A court petition by the American Civil Liberties Union and two state lawmakers seeking to block the secretary of state from sending voter data to President Donald Trump’s election integrity commission cites a 2006 state law that restricts how such voter information can be disseminated. But the sponsor of that bill 11 years ago, former House Speaker William O’Brien, said Monday the legislation was not intended to keep voter information that is already available publicly from the federal government. The ACLU’s reinstated petition to block Secretary of State William Gardner from sending publicly available voter data to the Presidential Advisory Commission on Election Integrity, on which Gardner serves, says that in 2006, Gardner’s office supported the O’Brien-sponsored bill that restricted the use of the data.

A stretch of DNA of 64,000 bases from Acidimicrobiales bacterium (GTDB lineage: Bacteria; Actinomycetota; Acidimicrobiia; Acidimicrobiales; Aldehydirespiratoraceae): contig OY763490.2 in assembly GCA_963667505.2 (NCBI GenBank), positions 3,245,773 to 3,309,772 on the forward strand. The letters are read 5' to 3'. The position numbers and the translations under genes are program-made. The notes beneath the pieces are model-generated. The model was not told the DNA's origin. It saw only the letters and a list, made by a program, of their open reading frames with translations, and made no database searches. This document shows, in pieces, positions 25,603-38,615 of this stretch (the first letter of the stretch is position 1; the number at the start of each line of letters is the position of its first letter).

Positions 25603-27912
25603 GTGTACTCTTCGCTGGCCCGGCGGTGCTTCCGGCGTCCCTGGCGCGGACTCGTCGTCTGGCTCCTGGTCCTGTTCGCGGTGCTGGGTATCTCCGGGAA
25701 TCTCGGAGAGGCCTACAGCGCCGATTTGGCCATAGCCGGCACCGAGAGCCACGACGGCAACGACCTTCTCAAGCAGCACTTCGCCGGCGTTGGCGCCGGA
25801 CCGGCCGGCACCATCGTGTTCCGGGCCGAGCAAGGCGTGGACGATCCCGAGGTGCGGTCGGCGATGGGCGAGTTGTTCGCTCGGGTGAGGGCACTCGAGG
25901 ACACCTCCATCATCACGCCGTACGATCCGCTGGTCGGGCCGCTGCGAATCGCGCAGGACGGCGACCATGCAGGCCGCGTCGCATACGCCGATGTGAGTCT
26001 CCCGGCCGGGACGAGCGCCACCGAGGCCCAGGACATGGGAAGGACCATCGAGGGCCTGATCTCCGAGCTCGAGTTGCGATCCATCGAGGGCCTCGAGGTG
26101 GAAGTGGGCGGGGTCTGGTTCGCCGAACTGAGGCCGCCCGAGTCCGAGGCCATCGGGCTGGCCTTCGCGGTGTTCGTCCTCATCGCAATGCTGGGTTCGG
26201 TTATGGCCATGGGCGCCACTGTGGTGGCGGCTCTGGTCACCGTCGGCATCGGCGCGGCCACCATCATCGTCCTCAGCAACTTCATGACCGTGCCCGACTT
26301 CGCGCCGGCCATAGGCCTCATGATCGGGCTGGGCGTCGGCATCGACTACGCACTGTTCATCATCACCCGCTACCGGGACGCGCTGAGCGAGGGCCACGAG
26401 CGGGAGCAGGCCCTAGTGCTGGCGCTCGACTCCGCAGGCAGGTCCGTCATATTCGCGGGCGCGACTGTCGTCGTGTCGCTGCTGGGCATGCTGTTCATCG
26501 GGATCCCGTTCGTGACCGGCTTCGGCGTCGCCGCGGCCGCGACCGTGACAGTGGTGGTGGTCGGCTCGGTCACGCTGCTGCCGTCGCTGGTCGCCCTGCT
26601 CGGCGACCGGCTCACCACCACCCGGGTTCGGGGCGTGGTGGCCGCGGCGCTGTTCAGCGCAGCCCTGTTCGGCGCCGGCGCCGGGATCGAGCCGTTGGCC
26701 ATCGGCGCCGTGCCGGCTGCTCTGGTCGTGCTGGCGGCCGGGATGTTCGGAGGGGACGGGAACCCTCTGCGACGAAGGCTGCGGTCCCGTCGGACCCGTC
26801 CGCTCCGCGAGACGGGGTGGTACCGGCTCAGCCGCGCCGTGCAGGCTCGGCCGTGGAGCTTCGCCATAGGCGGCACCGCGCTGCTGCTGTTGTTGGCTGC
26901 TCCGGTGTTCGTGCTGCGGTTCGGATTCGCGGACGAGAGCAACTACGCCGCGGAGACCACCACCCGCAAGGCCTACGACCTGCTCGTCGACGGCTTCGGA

North Carolina: Judges: No special elections for redrawn districts | Associated Press

Federal judges on Monday rejected a request by North Carolina voters who sued over General Assembly district boundaries to hold special elections next March in new districts once lines are redrawn to eliminate illegal racial gerrymandering. The unanimous order by the three-judge panel means the next legislative elections won’t occur until November 2018, as regularly scheduled. But the judges did tell Republican lawmakers who control the legislature that they’ll have to approve new House and Senate boundaries by this September — at least two months earlier than GOP leaders sought. The three judges ordered lawmakers to draw the new maps by Sept. 1 but wrote that they would extend the deadline to Sept. 15 if lawmakers make enough progress on new boundaries in the next few weeks. Such movement would include disclosing remedial plans and creating a method by which the public and other legislators can make comments and present evidence.

North Carolina: How much proof is needed for a voter fraud allegation? Board of Elections considers stiffer standards | News & Observer